Security researchers are worried that the alleged Russia-based authors of Koobface, a piece of malicious software that plagued social networking sites such as Facebook, may slip away before law enforcement can catch them.
Those concerns come after the publication of a trove of information about the five men, said to be based in St. Petersburg, Russia, that security companies, Facebook and the FBI have been carefully tracking for at least two years.
The men are alleged to have created Koobface, a network of infected computers that have been used to drive traffic to websites that sell Web nuisances such as fake antivirus software. They've allegedly made an estimated US$2 million or more since 2008 by infecting computers and directing them to harmful websites, earning a fee for every forced referral.
The information released includes photographs, email addresses, names they used on social networking sites and physical locations -- essentially, enough detail to walk to their offices, knock on the door and call them by name.
The first leak came on Jan. 9 from Dancho Danchev, a security research and writer who posted extensive information on his blog about Anton Korotchenko, one of those accused. Danchev harvested a wealth of information that Korotchenko, who went by the nickname "KrotReal," publicly posted on services such as Twitter and Foursquare. Danchev could not be reached for comment.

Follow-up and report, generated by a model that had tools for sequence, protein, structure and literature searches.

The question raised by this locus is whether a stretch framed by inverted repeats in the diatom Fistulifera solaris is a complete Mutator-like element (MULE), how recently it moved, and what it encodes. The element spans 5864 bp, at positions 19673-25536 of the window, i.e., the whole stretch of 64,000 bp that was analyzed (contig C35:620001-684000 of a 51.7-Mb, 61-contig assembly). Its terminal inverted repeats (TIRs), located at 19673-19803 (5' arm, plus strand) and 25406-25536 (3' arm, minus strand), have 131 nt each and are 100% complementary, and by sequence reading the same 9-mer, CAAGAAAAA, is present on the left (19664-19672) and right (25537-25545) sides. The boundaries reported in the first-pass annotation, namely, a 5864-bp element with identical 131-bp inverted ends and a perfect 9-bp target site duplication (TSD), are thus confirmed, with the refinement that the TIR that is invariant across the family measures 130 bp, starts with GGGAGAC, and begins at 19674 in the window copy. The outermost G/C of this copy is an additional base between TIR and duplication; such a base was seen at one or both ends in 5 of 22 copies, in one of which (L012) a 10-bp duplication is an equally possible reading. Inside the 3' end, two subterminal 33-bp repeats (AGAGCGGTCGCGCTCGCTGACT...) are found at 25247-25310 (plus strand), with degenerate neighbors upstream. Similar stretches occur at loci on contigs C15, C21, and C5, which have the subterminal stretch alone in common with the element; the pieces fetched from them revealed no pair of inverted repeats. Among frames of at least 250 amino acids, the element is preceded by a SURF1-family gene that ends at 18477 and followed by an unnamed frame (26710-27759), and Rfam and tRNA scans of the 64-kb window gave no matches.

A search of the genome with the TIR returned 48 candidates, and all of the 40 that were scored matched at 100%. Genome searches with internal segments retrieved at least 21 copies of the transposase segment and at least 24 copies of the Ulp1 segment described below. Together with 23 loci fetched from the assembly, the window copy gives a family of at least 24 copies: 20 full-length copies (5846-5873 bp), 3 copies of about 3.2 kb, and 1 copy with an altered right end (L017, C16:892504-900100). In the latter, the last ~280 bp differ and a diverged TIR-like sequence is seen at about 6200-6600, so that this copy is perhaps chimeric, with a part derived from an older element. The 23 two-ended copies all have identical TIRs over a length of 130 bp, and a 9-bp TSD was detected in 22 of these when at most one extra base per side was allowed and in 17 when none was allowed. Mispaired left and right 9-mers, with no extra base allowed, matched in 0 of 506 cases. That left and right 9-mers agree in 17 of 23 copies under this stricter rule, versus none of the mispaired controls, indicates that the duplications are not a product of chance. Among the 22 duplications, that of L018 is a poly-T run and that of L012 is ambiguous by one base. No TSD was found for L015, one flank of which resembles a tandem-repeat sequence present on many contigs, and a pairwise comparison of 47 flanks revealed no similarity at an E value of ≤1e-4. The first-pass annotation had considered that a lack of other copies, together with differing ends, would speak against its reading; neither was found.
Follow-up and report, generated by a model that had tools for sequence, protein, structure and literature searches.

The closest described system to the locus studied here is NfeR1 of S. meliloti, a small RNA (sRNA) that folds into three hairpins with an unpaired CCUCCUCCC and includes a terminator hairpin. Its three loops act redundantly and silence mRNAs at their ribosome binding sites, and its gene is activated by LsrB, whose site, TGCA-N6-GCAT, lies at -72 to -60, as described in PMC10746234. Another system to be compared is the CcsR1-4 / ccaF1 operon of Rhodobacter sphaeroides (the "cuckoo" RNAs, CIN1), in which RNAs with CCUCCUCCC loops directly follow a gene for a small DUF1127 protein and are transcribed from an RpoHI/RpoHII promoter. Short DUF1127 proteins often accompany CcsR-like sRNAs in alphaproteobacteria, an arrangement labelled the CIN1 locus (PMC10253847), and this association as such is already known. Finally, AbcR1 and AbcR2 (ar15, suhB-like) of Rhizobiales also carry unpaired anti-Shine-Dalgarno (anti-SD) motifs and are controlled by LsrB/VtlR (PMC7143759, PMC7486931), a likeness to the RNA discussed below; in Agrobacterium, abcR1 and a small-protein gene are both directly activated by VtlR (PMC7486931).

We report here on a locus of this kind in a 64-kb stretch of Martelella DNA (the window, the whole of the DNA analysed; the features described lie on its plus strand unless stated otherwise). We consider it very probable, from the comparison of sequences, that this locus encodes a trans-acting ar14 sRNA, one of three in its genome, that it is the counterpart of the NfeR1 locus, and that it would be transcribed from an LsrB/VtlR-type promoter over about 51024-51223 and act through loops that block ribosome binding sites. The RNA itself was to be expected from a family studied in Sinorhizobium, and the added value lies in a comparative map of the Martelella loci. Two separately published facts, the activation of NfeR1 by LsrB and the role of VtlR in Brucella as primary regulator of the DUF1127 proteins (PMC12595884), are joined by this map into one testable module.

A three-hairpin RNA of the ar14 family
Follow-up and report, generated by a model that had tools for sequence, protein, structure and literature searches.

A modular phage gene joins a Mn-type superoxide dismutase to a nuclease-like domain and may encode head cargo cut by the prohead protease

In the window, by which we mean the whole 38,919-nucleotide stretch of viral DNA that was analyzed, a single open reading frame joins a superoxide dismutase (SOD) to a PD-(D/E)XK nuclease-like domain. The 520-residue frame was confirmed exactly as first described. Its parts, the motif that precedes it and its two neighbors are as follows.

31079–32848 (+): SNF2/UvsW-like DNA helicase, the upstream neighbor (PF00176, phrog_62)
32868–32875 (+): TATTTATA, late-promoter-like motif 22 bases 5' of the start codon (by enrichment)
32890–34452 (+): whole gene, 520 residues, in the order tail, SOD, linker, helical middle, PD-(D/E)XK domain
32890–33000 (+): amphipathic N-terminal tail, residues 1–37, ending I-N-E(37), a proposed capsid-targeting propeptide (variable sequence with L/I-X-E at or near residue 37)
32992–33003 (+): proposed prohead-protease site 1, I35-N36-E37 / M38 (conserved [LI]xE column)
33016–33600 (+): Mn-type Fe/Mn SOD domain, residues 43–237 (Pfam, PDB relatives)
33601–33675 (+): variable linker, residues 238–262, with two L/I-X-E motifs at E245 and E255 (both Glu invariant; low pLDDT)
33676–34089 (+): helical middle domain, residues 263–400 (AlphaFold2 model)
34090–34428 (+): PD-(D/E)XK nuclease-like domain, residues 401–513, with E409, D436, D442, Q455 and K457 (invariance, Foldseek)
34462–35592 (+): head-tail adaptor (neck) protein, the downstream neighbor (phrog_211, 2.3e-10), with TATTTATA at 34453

Much of the information was already known throughout the security community. A "top secret cabal," known as the Koobface Working Group, had drawn together researchers from a variety of security companies to track the group, said Graham Cluley, senior technology consultant for Sophos.
In fact, Sophos had performed an exhaustive investigation and prepared a paper scheduled for presentation at a Virus Bulletin security conference last year, said Dirk Kollberg, one of its authors. But because the FBI was involved in the investigation, the presentation was canceled.
"We had to wait to not risk giving law enforcement the chance to take action," Kollberg said.
But after Danchev's writeup, Sophos decided to release the report on Tuesday. Kollberg said "it's a shame" the initial information was released, as it could hurt law enforcement investigations.
The New York Times also published an article on the leak on Tuesday, writing that Facebook plans to disclose more information on the group. Facebook's move is unprecedented, as most technology companies rarely reveal such detailed information on people they allege are doing something criminal.
The men have not been charged by Russian authorities. The other four men have been identified as Alexander Koltyshev, Roman Koturbach, Syvatoslav Polinchuk and Stanislav Avdeiko. Korotchenko did not respond to instant messages or emails sent on Monday.
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